How to Sniff Out GMOs and Vote with Your Pocketbook
You CAN avoid GMOs, if you know what to look for.
First of all, remember there are eight genetically modified food crops:
- Cottonseed (used in vegetable cooking oils)
- Canola (canola oil)
- Sugar from sugar beets
- Hawaiian papaya
- Some varieties of zucchini
- Crookneck squash
Based on this list, anything containing soy or soy derivatives should be avoided, as well as anything containing corn, the most obvious ingredient being high fructose corn syrup.
The easiest way to avoid ending up with GM foods in your shopping cart is to do some pre-planning using the free non-GMO shopping guide, available at www.NonGMOshoppingGuide.com.
TheInstitute for Responsible Technology has also created a free iPhone application that is available in the iTunes store. You can find it by searching for ShopNoGMO in the applications.
The shopping guide lists the various derivatives of each crop to be avoided, and even better, it lists hundreds of brand products in 22 food categories that are non-GMO, so if you’re still buying processed foods, at least you can easily select a brand that does not use genetically modified ingredients.
Tipping Point… If Europe Did it, the US Can Too!
Getting into a shopping habit of continually avoiding GM food products will create pressure on the marketplace, without which there is little hope. So take this one step! Download the shopping guide, and make note of which brands to buy and which ones to avoid like the plague that they are.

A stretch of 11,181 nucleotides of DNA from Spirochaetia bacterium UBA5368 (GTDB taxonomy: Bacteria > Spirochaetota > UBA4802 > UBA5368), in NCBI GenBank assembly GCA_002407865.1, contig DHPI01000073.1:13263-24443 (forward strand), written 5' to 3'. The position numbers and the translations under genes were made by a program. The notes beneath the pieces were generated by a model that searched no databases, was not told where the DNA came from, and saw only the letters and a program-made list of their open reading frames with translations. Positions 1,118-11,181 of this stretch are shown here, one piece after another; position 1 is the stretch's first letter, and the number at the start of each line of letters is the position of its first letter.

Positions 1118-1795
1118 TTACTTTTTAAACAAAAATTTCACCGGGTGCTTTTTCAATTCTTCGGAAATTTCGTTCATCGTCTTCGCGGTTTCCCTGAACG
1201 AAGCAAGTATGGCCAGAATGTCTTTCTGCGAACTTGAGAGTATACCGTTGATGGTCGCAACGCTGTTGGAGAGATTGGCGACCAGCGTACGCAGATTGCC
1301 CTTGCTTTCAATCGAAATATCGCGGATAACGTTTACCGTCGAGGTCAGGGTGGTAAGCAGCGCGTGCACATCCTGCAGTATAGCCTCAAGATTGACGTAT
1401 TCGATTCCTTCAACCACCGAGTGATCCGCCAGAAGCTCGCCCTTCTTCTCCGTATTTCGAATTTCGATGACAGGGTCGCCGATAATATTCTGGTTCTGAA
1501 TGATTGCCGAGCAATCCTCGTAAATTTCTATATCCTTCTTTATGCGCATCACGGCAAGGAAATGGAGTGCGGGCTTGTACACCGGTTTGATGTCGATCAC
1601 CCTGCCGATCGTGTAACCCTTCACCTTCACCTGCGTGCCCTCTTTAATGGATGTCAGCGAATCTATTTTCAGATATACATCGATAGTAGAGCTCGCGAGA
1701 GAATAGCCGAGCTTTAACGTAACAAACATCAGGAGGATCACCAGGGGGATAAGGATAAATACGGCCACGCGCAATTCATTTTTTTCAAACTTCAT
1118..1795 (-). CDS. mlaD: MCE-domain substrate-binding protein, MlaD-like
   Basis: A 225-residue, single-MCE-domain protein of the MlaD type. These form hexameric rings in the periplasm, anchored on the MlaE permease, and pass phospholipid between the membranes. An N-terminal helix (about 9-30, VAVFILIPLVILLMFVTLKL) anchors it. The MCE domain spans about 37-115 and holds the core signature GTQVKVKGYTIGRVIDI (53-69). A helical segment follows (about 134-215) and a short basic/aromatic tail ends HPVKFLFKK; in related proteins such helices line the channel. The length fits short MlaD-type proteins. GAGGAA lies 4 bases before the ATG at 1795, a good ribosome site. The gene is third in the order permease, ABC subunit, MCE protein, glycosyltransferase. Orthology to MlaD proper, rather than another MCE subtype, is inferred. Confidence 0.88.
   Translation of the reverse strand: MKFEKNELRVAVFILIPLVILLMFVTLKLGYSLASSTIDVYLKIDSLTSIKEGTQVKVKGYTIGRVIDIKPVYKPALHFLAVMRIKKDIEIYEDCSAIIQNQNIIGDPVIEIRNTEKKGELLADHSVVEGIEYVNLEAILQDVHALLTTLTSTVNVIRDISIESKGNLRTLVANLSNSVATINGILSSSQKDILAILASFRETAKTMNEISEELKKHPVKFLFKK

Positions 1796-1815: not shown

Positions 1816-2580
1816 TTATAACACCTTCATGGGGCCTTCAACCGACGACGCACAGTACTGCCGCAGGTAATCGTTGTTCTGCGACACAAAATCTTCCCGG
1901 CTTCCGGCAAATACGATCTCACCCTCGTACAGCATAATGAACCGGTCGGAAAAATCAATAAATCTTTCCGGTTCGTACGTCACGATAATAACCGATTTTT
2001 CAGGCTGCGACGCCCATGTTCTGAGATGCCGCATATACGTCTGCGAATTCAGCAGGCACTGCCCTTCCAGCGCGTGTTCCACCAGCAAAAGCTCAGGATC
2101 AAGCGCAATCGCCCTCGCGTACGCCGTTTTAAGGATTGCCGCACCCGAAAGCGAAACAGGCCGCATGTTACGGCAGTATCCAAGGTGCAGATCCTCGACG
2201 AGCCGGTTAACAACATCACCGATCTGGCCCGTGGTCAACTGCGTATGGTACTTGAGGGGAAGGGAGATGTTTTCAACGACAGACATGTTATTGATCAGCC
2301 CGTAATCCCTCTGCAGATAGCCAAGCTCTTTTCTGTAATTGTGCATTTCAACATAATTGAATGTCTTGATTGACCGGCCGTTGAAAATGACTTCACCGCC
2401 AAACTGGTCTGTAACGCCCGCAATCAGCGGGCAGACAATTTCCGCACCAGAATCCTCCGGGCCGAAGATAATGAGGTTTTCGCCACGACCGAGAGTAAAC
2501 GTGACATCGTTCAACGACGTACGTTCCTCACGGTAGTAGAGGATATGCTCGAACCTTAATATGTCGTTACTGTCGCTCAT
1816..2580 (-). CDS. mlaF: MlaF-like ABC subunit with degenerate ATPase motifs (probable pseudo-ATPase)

Europe managed to reach their tipping point in April of 1999, ELEVEN YEARS AGO(!), within a single week of negative media which swayed the shopping habits of consumers enough for food companies to commit to stop using GM ingredients.
The idea that consumers have tremendous power is not wishful thinking. It’s an absolute fact.
Monsanto could probably be effectively bankrupted by the end of this year, if enough consumers were to take individual, proactive steps to avoid purchasing anything even remotely related to their business.
Another point that validates the effectiveness of this consumer-driven strategy is the progress we’re now seeing with high fructose corn syrup. Within the last few weeks, several major corporations have declared they’re taking HFCS out of their products due to consumer demand.
More Educational Material
You can find loads of additional information about GMOs on the site www.ResponsibleTechnology.org.Want more information on Dr. Vittoria Repetto and her NYC Applied Kinesiology/Chiropractic practice; please go to www.drvittoriarepetto.com.And please check out the Patient Testimonials at the “Our Practice” page at the web site.